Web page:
This perhaps isn’t one of my usual posts, but after reading a post from The Expats this morning and seeing comments on twitter and in the press, I feel like I need to say something. It is apparent, after the atrocities that the UK has seen over the last month, that we are witnessing a real shift in our world, one that is hard to comprehend and find any sense in, the news seems to fill daily with yet another attack on humanity. The sad thing is, I am also witnessing so much hate, ignorance and intolerance which is just as heartbreaking as the incidents themselves. Continue reading “Give peace a chance”
It is not often that I get political in this blog, in fact I tend to steer away from it purely because I don’t think I have enough knowledge, but also this is a fun outlet and my readers are mainly tapping into my posts for an insight into my fun expat adventures and not to engage in deep debates. However, whilst my social media feeds are filled daily with protests, speeches and social comment, it seems that there is something I am compelled to address, especially as a woman.
Now don’t switch off, this isn’t going to be me preaching from a suffrage soap box, but the world has been flooded with powerful images of women standing up, for a basic right to be treated with respect and dignity and it made me think about the women who have touched my life in my past, present and no doubt my future. I have noticed whilst embarking on this expat journey, that expat women aren’t the cliched, gin swilling, twin set and pearl wearing, shopaholic, trailing spouces the outside world perceive. Expat women are amongst some of the strongest women I have ever come across. Continue reading “Expat Spice”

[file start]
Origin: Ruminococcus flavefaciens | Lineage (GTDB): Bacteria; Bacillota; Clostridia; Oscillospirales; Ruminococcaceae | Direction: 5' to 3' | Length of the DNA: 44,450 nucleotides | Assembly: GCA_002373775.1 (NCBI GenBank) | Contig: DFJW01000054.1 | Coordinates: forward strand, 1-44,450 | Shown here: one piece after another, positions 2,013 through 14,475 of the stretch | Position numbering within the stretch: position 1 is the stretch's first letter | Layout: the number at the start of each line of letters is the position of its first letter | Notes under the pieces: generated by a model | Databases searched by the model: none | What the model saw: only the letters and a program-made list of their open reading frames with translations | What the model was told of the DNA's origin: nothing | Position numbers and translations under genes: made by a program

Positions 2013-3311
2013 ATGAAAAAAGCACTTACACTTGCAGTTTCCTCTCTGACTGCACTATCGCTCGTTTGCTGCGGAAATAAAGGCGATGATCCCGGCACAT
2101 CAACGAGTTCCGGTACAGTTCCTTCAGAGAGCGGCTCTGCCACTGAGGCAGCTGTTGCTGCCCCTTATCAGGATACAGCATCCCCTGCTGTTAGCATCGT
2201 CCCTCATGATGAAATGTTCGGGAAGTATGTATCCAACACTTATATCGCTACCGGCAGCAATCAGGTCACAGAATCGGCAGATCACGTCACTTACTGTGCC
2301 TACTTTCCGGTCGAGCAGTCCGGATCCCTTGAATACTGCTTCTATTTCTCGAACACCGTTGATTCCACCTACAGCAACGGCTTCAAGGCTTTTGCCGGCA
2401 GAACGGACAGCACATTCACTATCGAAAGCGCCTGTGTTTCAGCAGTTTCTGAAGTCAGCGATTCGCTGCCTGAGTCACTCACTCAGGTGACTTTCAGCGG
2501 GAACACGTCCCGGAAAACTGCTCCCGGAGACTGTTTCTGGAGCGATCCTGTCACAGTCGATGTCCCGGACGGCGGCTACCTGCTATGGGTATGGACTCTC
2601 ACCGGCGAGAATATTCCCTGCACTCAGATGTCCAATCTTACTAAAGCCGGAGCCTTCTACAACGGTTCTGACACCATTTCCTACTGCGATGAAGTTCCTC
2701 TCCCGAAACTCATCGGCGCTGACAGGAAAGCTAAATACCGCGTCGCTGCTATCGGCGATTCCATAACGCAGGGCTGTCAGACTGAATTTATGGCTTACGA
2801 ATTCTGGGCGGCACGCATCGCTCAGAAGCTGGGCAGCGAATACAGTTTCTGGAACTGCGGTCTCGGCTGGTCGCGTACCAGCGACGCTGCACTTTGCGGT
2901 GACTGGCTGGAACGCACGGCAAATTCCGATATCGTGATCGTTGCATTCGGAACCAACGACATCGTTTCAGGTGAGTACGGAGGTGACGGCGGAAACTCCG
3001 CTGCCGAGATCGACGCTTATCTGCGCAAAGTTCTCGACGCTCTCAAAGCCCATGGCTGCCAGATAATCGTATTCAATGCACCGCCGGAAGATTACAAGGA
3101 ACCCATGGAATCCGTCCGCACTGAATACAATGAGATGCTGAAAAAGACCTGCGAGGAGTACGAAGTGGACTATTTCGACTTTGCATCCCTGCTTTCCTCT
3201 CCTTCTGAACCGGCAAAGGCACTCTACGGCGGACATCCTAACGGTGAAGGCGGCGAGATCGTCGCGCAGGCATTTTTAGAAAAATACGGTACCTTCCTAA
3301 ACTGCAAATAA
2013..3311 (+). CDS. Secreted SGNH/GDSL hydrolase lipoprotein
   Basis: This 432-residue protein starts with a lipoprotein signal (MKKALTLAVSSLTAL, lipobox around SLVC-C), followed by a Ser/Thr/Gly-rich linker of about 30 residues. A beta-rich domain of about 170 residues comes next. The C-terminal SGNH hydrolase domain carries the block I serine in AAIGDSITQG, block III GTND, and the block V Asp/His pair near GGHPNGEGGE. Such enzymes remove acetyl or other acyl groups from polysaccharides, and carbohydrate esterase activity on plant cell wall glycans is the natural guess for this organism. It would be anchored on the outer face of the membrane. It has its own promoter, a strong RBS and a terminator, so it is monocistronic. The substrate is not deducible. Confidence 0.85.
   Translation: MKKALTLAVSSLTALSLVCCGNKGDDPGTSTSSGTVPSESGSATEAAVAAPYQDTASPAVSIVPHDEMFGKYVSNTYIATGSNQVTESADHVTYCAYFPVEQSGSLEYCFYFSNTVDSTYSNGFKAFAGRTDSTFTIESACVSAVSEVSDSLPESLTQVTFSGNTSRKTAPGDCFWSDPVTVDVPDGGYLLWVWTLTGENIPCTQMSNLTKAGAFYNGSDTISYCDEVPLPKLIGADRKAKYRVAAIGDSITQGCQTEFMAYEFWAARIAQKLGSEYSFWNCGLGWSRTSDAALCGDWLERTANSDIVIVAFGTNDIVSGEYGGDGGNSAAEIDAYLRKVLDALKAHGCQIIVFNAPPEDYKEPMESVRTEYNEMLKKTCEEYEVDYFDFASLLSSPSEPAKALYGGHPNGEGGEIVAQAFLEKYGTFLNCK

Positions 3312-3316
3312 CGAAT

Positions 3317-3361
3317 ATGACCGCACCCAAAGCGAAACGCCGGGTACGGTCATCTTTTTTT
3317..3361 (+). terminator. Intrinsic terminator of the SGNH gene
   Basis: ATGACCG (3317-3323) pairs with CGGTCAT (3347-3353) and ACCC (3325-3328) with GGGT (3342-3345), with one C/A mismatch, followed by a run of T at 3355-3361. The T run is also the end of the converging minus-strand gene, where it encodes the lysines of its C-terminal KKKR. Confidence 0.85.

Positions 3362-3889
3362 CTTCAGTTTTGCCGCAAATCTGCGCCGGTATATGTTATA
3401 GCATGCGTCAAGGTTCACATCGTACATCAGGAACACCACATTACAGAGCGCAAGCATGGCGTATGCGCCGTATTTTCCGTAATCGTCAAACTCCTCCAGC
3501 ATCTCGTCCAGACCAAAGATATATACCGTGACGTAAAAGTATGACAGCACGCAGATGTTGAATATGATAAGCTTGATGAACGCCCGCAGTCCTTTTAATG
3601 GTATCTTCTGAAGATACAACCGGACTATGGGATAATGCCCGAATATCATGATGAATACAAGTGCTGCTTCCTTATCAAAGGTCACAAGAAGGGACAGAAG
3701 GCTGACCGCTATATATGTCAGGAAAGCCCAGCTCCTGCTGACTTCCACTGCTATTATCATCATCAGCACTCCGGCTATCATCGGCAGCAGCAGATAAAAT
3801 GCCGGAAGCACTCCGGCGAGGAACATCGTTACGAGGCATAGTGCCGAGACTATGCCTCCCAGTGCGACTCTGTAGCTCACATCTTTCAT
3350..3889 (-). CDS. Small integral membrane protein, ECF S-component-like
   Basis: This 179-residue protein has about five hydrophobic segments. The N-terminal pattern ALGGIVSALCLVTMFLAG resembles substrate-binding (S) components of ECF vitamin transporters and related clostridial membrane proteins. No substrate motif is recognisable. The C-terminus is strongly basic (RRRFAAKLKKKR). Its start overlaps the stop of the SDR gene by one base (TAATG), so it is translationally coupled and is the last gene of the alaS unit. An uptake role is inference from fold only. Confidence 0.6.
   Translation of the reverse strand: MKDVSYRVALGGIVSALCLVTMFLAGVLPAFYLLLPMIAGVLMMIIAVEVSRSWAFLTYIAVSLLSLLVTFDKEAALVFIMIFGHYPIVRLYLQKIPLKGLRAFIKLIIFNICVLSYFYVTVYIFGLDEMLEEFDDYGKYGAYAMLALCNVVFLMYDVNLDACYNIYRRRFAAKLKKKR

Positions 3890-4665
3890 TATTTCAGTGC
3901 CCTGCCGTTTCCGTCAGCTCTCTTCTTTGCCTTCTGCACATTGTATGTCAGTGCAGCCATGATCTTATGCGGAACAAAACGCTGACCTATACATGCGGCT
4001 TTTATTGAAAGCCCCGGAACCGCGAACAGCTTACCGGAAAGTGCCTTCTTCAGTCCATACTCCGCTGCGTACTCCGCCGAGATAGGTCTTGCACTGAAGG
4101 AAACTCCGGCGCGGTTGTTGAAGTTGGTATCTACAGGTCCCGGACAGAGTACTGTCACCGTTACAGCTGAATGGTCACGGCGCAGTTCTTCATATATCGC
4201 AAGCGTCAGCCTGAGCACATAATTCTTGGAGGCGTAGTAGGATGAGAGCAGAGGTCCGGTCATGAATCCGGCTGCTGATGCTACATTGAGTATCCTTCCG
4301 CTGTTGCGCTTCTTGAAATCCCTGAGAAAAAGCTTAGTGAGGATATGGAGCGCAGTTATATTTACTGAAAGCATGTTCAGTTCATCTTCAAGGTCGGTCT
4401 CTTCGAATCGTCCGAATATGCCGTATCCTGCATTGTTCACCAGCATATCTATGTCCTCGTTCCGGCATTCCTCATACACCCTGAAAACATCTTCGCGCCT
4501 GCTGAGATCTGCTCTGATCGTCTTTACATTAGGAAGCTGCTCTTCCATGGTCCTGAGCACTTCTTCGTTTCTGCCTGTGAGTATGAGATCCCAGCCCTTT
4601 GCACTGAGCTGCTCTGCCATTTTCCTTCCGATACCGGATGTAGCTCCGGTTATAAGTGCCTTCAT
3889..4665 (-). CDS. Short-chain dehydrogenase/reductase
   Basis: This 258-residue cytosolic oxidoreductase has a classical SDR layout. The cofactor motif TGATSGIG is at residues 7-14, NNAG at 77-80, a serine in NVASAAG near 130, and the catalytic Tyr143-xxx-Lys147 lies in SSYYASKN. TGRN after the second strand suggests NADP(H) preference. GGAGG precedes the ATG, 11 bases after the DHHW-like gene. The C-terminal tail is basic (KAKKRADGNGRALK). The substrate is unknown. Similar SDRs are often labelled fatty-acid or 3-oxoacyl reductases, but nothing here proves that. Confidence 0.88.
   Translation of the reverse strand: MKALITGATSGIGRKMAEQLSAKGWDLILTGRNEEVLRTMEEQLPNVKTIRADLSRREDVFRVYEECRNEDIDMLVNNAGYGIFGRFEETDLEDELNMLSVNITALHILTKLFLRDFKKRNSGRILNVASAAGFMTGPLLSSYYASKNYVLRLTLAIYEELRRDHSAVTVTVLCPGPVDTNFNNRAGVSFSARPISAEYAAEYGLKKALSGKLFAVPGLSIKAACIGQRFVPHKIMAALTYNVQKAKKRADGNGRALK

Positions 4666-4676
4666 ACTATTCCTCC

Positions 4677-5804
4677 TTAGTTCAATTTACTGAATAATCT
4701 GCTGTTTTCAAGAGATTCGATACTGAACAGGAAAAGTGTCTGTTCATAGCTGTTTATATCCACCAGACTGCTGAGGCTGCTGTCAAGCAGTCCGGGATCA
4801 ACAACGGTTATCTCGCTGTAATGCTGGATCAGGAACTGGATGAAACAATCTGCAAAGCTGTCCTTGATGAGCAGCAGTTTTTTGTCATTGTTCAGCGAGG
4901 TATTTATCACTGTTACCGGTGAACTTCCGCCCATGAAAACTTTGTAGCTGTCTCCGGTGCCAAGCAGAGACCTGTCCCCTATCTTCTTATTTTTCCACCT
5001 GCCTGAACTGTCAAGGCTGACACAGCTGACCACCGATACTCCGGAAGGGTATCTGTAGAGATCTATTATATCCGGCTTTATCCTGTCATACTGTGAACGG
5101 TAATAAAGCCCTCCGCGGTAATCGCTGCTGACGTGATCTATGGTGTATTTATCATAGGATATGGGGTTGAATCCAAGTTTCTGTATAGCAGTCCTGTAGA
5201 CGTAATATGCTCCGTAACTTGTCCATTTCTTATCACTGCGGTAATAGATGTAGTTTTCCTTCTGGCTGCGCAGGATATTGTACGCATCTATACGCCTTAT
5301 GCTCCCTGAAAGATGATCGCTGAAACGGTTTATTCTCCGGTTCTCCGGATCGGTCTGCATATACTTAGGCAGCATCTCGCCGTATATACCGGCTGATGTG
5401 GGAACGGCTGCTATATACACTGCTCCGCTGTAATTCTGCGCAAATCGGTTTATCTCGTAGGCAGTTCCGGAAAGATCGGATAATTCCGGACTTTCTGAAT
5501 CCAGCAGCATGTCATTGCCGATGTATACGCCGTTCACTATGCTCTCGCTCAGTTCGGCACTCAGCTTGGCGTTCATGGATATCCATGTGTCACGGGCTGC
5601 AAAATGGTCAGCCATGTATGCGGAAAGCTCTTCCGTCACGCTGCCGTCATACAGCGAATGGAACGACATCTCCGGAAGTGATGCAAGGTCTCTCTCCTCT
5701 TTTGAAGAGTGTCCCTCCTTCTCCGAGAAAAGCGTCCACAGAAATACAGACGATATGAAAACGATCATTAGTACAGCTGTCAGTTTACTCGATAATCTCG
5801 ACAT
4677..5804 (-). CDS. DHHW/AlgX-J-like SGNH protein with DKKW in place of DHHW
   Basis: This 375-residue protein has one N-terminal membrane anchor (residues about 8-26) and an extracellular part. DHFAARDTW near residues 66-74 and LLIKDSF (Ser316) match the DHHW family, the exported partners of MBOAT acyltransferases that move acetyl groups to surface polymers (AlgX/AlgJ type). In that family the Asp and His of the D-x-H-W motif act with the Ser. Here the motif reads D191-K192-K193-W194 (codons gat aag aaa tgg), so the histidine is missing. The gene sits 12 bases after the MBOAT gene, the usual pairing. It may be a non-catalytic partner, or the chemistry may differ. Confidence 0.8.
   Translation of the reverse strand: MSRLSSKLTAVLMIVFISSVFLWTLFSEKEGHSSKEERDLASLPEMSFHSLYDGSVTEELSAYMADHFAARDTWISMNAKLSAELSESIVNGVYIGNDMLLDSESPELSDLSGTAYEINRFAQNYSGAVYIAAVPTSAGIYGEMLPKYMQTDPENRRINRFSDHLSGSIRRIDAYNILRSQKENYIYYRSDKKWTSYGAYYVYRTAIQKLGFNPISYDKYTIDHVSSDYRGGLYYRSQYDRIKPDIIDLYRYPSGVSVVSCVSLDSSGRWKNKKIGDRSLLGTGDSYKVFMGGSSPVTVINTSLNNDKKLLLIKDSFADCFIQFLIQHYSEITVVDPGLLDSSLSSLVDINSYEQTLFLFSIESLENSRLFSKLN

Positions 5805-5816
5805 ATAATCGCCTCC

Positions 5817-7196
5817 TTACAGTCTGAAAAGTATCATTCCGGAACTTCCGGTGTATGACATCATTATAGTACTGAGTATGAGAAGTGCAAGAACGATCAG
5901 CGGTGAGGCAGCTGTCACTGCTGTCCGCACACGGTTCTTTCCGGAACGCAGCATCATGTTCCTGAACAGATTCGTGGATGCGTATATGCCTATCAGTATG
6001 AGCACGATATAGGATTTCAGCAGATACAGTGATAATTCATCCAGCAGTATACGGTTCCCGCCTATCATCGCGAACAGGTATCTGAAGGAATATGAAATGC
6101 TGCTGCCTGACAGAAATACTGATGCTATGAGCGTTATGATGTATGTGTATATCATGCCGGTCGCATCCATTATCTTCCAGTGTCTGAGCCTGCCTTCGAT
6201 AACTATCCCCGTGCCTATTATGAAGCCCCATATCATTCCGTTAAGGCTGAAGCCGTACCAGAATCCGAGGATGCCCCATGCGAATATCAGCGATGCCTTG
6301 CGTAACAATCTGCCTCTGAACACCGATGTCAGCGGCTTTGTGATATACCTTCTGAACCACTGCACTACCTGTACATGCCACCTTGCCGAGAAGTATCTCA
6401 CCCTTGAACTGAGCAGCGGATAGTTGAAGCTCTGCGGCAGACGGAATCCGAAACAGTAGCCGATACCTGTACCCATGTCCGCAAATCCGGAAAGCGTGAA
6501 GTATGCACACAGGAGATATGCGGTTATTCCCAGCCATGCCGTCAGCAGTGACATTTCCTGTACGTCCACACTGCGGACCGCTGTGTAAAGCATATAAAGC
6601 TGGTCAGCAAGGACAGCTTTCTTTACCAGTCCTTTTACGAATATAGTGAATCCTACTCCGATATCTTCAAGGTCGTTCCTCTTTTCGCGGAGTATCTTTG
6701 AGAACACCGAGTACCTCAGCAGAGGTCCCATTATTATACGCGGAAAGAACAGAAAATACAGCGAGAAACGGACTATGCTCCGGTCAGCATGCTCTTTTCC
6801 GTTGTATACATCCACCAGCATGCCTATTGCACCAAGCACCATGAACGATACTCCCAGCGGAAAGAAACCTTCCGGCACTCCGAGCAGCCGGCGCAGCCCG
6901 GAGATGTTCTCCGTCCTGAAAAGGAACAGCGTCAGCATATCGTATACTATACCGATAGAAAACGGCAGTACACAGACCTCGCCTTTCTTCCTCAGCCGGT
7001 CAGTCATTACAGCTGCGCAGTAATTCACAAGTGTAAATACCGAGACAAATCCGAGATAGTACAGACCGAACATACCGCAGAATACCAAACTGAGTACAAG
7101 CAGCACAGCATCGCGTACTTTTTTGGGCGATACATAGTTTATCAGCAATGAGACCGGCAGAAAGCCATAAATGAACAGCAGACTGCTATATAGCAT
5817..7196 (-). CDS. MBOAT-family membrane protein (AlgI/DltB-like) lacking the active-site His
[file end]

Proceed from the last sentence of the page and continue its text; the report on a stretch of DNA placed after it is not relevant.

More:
Living in Kuwait for 2 years at times still feels like only 5 minutes, but it occurred to me over a welcome back Friday brunch with friends, that we are firmly fixed in our expat lives. It’s become second nature and life in Kuwait no longer has the novelty factor. We are settled into our desert existence and are at the point where endearing jokes can be made about all things Kuwait, with as much fondness as our lives back home.
So in a more upbeat post, compared to last weeks rant, I started looking at the funny side to living in the desert. Continue reading “50 grains of sand”
Something happened last week that shouldn’t have bothered me, but it played on my mind for a few days. Perhaps it’s because I was hormonal, perhaps it was being on the brink of becoming another year older or perhaps on reflection I was overly sensitive. Sometimes there is no rhyme or reason, something gets to you and that’s that.
As the great summer escape comes to an end, I’m finally getting back into socialising with my fellow desert gals. Now the kids are still on summer break, so my mummy friends are still in trying to find a balance of having a good gossip with the ladies after 10 weeks and entertaining the little people. So happily I’ve gone along to parent friendly events, just to get back into the swing of desert life. This was going swimmingly with my close friends but then I hit a brick wall. I tagged along to another day out, where the kids would enjoy an adventure playground and us girls would coffee and natter for the duration. When I accepted the invitation I had no idea this was a mass outing, so was surprised but at the same time delighted, that there was a group of women, all looking forward to a good old-fashioned expat ladies Starbucks session. Continue reading “New people, old attitudes”
From the moment we arrive on this earth, we seem to spend our lives being ushered between social groups, the mother’s choice of where she places the baby in the music tots class and what friends they make on the play mat seems to lead to a predetermined path of where they will fit in. I have often wondered about how my life would have been if I had fallen into the an alternative social group and would the parallel universe me be any different, that Sliding Doors moment of every choice has fated us to be where we are today.
We have all seen those American teen, coming of age, high school movies, where the cheerleaders, jocks and geeks barely interact, as they have found social acceptance in their worlds and believe that it is better to befriend like-minded people, than give in to social suicide of not belonging and roaming the school corridor alone. We all watched and we all feared that this was real life, so the teenage me gave into the pressure and found a group of friends who accepted me and my school years were saved and I flew under the radar of being fairly unknown therefore avoiding many social nightmares. Continue reading “Square peg, round hole”